MOORE COUNTY — What’s the continuous learning plan and/or COVID re-opening plan for Moore County Schools? That question will be front and center at the Metro School Board meeting on Thursday, July 16 at 6 p.m. In order to accommodate what could be a larger crowd, the meeting will take place at the LES Cafeteria.

On June 18, Director of Schools Chad Moorehead told The Lynchburg Times that he planned to stick to the Metro School Board approved schedule if possible. (To read that article, click here.)

“We have a school board approved schedule in place and I’m going to do everything I can to stick to it,” he said. “The one variable I can’t control is the virus.”

Whether or not schools should re-open to onsite learning and what that would look like has been a hot topic in Moore County recently as confirmed COVID-19 cases continue to rise. After holding steady at five total cases up until June 26, Moore County’s case count has since more than quadrupled. As of Monday, July 13 there were 21 total cases with 15 of those being active.

All Metro School Board meetings are open to the general public. To full the full agenda, click here. •

{The Lynchburg Times is the only independently owned and operated newspaper in Lynchburg. We cover Metro Moore County government, Jack Daniel’s Distillery, Nearest Green Distillery, Tims Ford State Park, Motlow State Community College, Moore County High School, Moore County Middle School, Lynchburg Elementary, Raider Sports, plus regional and state news.}

Moore courts now require face coverings

Beginning on Monday, July 13 citizens must now wear masks or face coverings over both their mouth and nose to do business at Moore County courts. {File Photo}

LYNCHBURG — Based on a order from the state Supreme Court, Moore County courts and the Moore County court offices will now require face coverings … effective Monday, July 13.

According to the order, nearly anyone entering a courthouse to do court business will be required to wear a face covering over both their nose and mouth at all times while inside the building. This includes judges, court clerks, security officers, probation officers, attorneys, litigants, and witnesses. According to the state officials, the order is an effort to keep all courts open for essential business. Those entering the Moore County Courthouse to conduct non-court related business (ie. renew a license plate, get a copy of a deed, etc.) are not required to wear a face covering if they do not need to conduct court business.

Chief Justice Jeffery Bivins originally issued the state of emergency for Tennessee courts on March 13 and that order was extended on May 26 but for jurors only. The new mandate applies to all courts and court offices.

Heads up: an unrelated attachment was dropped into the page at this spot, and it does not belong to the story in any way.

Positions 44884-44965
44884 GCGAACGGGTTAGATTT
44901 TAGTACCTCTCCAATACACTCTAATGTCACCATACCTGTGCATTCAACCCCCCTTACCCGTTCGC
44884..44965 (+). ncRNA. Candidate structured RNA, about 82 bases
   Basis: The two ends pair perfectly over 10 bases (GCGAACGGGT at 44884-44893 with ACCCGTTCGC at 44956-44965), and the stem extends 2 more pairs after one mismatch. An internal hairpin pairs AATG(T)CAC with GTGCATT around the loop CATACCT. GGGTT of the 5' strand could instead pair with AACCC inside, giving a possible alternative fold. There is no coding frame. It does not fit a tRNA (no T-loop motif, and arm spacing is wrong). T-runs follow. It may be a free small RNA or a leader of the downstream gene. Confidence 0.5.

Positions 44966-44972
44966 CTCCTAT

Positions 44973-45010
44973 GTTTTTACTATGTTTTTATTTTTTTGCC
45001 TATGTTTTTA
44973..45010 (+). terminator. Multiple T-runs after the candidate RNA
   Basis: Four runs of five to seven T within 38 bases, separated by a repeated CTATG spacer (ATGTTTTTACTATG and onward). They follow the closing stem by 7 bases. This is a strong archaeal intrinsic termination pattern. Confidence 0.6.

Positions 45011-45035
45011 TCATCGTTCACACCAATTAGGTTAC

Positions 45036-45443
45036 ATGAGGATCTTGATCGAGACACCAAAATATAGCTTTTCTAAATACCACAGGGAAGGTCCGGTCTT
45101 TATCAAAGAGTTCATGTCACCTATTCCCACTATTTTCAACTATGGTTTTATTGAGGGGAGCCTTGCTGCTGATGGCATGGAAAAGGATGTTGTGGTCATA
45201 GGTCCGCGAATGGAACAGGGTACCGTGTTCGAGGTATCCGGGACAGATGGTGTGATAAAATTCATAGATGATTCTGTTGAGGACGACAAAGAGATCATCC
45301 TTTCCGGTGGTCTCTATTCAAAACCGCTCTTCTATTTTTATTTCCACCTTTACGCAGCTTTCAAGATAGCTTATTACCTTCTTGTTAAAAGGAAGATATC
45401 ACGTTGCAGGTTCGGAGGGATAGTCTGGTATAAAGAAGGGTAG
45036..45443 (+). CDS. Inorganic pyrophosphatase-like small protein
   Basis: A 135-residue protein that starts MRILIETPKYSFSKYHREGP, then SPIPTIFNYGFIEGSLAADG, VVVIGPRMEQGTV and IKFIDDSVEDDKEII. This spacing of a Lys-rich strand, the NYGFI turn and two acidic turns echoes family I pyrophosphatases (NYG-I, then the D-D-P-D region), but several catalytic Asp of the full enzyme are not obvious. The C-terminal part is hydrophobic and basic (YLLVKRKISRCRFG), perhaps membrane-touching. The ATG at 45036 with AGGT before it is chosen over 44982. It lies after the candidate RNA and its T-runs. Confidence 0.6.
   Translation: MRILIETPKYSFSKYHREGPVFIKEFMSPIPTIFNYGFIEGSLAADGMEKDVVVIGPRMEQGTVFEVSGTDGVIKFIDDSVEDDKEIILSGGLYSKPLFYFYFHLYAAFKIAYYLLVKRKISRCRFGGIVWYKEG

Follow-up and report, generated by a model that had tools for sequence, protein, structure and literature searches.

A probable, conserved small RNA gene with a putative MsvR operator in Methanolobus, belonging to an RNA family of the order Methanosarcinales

For more information, contact the Circuit Court Clerk’s office at 931-759-7208 or Metro Mayor Bonnie Lewis’s office at 931-759-7076. •

{The Lynchburg Times is the only independently owned and operated newspaper in Lynchburg. We cover Metro Moore County government, Jack Daniel’s Distillery, Nearest Green Distillery, Tims Ford State Park, Motlow State Community College, Moore County High School, Moore County Middle School, Lynchburg Elementary, Raider Sports, plus regional and state news.}

Metro Mayor: No mask mandate in Moore County

Metro Mayor Bonnie Lewis says she and Metro Sheriff Tyler Hatfield are in agreement that a mask mandate would be difficult to enforce in Moore County. {File Photo}

MOORE COUNTY — According to Metro Mayor Bonnie Lewis, she will not issue a mask mandate in Moore County. On July 3, Tennessee Governor Bill Lee issued Executive Order 54, granting Tennessee county mayors and executives the power to issue individual mask mandates in their locations. The Governor’s office official position is that they high recommend but will not require masks.

The following day on Metro Moore County’s Facebook Page, Mayor Bonnie Lewis issued a public statement saying she had no plans to issue such a mandate.

“I do not plan on issuing a mandate in Moore County saying our citizens have to wear a mask,” Mayor Lewis stated. “Sheriff Hatfield and I are in agreement. We don’t have the manpower to police any such action and we don’t think it is the right thing to do here. I understand why the governor wanted to give the decision to the local governments because one size ruling does not fit all. Since the beginning, he has also recommended that we need to be responsible.